Throughout this knowledge module, reference to certain provisions or sections of a piece of legislation, part of a legal judgment, or aspect of a practice does not imply that the legislation, judgment, or practice is considered in its entirety to be a good example or a promising practice.

Some of the laws cited herein may contain provisions which authorize the death penalty. In light of the United Nations General Assembly resolutions 62/14963/16865/206, and 67/176 calling for a moratorium on and ultimate abolition of capital punishment, the death penalty should not be included in sentencing provisions for crimes of violence against women and girls.

Other Provisions Related to Domestic Violence LawsResources for Developing Legislation on Domestic Violence
Sexual Harassment in Sport Tools for Drafting Sexual Harassment Laws and Policies
Immigration Provisions Resources for developing legislation on sex trafficking of women and girls
Child Protection Provisions Resources on Forced and Child Marriage
Other provisions related to dowry-related and domestic violence laws
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Probable cause standard of arrest

Last edited: February 28, 2011

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Drafters should consider a probable cause standard of arrest, which allows police to arrest and detain an offender if they determine that there is probable cause that a crime has occurred even if they did not witness the offence. (See: Minnesota 518B.01 subdv. 14(d)(2)(e) and law of South Carolina, Sec. 16-25-70 (A))

See: Law Enforcement Reform Efforts, StopVAW, The Advocates for Human Rights.

Laws should not allow for anticipatory bail in dowry-related and domestic violence cases involving high-level injuries or lethality or in dowry deaths.

Example: In Samunder Singh v. State of Rajasthan, AIR 1987 SC 737, the Supreme Court of India ruled that anticipatory bail, which allows a suspect to seek bail in anticipation of an arrest for the commission of a non-bailable offense, was improperly granted to the defendant in the case of a dowry death. The judge stated that the High Court improperly granted anticipatory bail when would likely give rise to prejudice by its nature and timing. In this case, concerning the unnatural death of a woman in her father-in-law’s home, the Court stated “the High Court should not have exercised its jurisdiction to release the accused on anticipatory bail in disregard of the magnitude and seriousness of the matter.”
CASE STUDY: Article 41 of India’s Code of Criminal Procedure authorizes a police officer to make a warrantless arrest of anyone “concerned in any cognizable offence, or against whom a reasonable complaint has been made, or credible information has been received, or a reasonable suspicion exists, of his having been so concerned.” These include offenses concerning physical and mental cruelty to woman by husband and in-laws (Article 498A), criminal breach of trust for entrustment of dominion, for misappropriation of personal property by husband or in-laws (Articles 405), dowry death (Article 304B), abetment of suicide (Article 306), and attempted murder (Article 307). But note that offenses committed under the Dowry Prohibition Act are non-cognizable and require a Magistrate order for arrest. In M.C. Abraham v. State of Maharashtra (2003) 2 SCC 649: 2003(1) RCR (Criminal) 453 (SC), the Court held that discretion to arrest should be exercised cautiously in a cognizable offense, with regard to the nature of the crime and type of person accused; the court lacks authority to order police to arrest when an investigating officer decides not to make an arrest, and; rejection of anticipatory bail does not constitute a reason for immediate arrest.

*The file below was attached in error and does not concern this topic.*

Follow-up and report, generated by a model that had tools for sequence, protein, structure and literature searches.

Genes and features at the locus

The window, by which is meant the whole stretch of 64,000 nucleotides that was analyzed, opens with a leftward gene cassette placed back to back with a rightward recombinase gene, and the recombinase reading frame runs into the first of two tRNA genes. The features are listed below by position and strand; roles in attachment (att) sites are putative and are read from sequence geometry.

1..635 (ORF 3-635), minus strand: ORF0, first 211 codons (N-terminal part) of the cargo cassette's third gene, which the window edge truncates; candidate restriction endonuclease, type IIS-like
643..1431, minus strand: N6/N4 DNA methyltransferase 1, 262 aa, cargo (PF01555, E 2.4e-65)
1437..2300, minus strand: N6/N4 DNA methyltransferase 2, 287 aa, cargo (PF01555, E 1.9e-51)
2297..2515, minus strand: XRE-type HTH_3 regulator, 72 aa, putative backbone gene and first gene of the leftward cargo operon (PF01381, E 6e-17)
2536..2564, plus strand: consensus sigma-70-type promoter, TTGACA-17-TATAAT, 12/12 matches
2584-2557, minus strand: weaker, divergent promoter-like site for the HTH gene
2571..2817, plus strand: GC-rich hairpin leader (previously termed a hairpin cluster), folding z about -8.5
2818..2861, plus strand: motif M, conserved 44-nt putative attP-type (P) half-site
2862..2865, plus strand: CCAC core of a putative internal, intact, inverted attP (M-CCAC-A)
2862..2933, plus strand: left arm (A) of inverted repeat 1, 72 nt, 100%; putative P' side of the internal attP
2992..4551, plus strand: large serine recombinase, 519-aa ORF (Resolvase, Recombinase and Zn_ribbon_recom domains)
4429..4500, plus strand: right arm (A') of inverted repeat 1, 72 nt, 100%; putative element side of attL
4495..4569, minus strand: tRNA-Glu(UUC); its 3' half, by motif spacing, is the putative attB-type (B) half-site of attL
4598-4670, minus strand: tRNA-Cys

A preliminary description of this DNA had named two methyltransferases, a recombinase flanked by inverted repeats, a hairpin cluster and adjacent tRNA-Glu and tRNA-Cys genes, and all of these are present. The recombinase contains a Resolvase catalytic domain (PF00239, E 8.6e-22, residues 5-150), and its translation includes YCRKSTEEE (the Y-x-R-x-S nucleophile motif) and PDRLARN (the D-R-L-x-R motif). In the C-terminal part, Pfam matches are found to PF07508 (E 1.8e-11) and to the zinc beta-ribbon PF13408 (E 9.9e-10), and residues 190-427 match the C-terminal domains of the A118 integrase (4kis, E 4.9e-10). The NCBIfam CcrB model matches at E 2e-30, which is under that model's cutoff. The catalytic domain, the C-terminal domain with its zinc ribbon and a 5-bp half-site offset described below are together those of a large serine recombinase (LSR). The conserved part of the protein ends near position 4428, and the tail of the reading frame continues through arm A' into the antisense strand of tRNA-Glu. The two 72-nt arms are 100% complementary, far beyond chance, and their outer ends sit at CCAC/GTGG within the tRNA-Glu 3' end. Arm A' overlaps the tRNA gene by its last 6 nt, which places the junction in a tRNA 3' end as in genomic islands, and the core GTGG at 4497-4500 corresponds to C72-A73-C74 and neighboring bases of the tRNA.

Laws should focus grounds for arrest on probable cause and on creating simple and comprehensive arrest authority to facilitate decisive intervention in arrest decisions and diminish the influence of discretionary factors. For example, in cases involving simple or minor injuries, "probable cause" arrest policies allow police officers to make arrests based on the presence of evidence (such as damaged property, visible injuries, or a frightened woman) that would lead to the conclusion that an assault had occurred. Creating broad authority, such as a presumptive arrest, would authorize arrest of perpetrators of violence unless there are “clear and compelling reasons” not to arrest. (See: Family Violence: A Model State Code, Advisory Committee of the Conrad N. Hilton Foundation Model Code Project of the Family Violence Project, 1994, Section 205(A), Commentary)